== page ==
Barker, Mary Elizabeth Swain
Manuscript Diary of Mary Elizabeth (Swain) Barker, of Nunda, Livingston County, New York, wife of Orlando Barker, a farmer, 1860

12mo pocket diary, 111 manuscript pages, bound in original flexible leather backed wraps, entries dated January 1 to November 28, 1860, entries written in pencil, three days per page format, the entries are in a legible hand, despite some minor fading. Also included are two contemporary photographs, one a tintype studio portrait of a man and woman, “dressed up” for the occasion, and an albumen carte-de-visite of two young girls, these are presumably family members, although they are unidentified.

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Mary Elizabeth Swain Barker (1835-1903)

    While the diary is not signed, there is enough internal evidence to pinpoint the diarist’s name and where she lived. The diarist is Mary Elizabeth Swain, of Nunda, Livingston County, New York. She was born on 10 February 1835 and has a daughter by the name of Nellie who was born on 30 November 1859. Mary was married to a man by the name of Orlando W. Barker, whose family were pioneers of Nunda.

     Mary E. Barker is found in the 1900 Census as a widow and was born in February 1835, which matches what the diary tells us, that Mary’s birthday was on 10 February and that in 1860 she was 25 years old, which matches this 1900 Census record for Nunda, Livingston Co., New York. There are also plenty of mentions in the diary of her husband Orlando and her daughter Nellie.

      Mary died on 4 January 1903 in Nunda, New York. Her maiden name appears to have been Swain. Mary E. Swain was born 10 February 1835. She was the daughter of Alfred Swain and his wife Gertrude Pittinger. Mary was one of nine children born to Alfred Swain and his wife. Her siblings were: Harriet, Sophia, Susan, Cornelia, Jane, Samuel, W. Edward, and Fred F.

      Seth Barker, Mary’s father-in-law, was a pioneer of the town of Nunda, New York. He had three sons: Munson, Orlando (who married Mary E. Swain), and Justus.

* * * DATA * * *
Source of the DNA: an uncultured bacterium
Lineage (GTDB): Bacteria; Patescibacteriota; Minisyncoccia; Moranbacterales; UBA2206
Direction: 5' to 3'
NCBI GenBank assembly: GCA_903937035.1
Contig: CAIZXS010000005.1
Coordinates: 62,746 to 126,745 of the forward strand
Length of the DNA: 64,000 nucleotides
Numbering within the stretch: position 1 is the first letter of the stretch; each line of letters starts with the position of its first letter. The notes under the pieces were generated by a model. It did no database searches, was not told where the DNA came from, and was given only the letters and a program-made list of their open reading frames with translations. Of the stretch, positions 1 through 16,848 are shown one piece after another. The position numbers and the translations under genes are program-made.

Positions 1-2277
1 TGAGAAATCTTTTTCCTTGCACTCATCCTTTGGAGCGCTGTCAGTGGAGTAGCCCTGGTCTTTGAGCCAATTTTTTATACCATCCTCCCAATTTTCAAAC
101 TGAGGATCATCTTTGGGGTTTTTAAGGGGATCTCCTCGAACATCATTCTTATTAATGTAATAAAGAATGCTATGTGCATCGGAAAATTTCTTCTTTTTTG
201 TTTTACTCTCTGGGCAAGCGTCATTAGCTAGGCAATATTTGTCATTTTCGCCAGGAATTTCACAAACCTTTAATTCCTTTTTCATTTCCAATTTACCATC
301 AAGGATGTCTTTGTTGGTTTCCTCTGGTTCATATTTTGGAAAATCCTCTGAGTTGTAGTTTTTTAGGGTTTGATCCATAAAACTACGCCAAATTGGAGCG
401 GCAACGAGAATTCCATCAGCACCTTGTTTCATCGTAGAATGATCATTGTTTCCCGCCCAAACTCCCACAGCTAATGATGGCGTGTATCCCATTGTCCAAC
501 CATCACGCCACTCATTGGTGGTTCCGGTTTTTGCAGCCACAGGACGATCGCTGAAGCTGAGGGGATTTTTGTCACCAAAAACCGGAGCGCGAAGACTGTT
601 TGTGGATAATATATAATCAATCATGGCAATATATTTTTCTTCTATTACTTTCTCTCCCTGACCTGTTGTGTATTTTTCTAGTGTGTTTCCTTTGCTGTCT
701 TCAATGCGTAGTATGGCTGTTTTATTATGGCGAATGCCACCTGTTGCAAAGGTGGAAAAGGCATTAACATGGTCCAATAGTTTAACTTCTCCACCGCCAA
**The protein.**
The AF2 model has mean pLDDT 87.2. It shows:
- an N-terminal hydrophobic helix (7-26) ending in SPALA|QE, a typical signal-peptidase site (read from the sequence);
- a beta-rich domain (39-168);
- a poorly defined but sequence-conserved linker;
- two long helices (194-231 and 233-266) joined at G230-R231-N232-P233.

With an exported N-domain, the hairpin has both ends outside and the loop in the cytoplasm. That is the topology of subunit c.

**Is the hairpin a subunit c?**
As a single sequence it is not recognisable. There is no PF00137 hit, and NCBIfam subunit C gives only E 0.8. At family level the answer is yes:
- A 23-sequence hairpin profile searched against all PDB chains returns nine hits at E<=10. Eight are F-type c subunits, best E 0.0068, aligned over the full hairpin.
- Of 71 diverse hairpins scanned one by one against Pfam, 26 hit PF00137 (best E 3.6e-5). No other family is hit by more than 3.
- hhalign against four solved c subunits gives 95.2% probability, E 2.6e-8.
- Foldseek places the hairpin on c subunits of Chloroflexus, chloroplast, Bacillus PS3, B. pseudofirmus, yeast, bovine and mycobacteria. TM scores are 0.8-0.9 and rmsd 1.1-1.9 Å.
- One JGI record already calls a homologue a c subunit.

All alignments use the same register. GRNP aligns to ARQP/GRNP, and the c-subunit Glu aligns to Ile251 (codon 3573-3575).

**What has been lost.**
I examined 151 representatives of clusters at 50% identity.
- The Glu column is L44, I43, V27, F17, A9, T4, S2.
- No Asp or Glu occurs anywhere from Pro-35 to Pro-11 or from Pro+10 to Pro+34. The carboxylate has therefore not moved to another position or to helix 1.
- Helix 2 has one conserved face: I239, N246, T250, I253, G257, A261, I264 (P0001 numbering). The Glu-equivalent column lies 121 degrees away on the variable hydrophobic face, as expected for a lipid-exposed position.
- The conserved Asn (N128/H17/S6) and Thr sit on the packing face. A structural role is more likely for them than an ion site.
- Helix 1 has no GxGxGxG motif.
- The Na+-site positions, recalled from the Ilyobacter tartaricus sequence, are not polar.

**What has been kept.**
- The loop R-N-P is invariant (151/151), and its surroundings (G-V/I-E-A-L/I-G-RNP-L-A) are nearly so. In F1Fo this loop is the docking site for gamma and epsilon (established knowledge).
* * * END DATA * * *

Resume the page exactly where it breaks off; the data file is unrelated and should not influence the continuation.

Munson Barker was born 29 October 1822 and is said to have been the first white child born in the town of Nunda. Munson died on 13 Sept 1922 and is buried in Oakwood Cemetery.  He was married in 1851 to Adaline Rawson (1828-1916). Munson is mentioned throughout the diary as Orlando often goes to work for him.

    Justus Barker, Orlando’s other brother, married Olive L. Bowen, daughter of Richard Bowen. A dozen farms in Nunda were owned by various members of the Barker family by the time Seth Barker (1801-1893) died.

     Orlando and Mary had two daughters: S. Inelle (Nellie) Barker who married Ray Durfee, and Ethel, who married Prof. C.T. Hood, M.D., of the Homoeopathic Hospital, Chicago, Illinois. Their daughter S. Inelle Barker was called “Nellie” and her birth date details match those of Nellie in the diary.

       Sample Quotes from the Diary:

      The diary entries are filled with entries about the everyday domestic life off a farmer’s wife and her nonstop workload: sewing, cooking, making butter, taking care of her young daughter, cleaning the house, washing, helping out with some aspects of farming, etc. She also has time to attend sermons of visiting preachers and ministers, go to meetings, attend sewing circles, visit friends and family, as well as attend the funerals of those who died and help with her sick relatives. Overall the diary offers an interesting look at the domestic life of a farmer’s wife in 1860 New York State.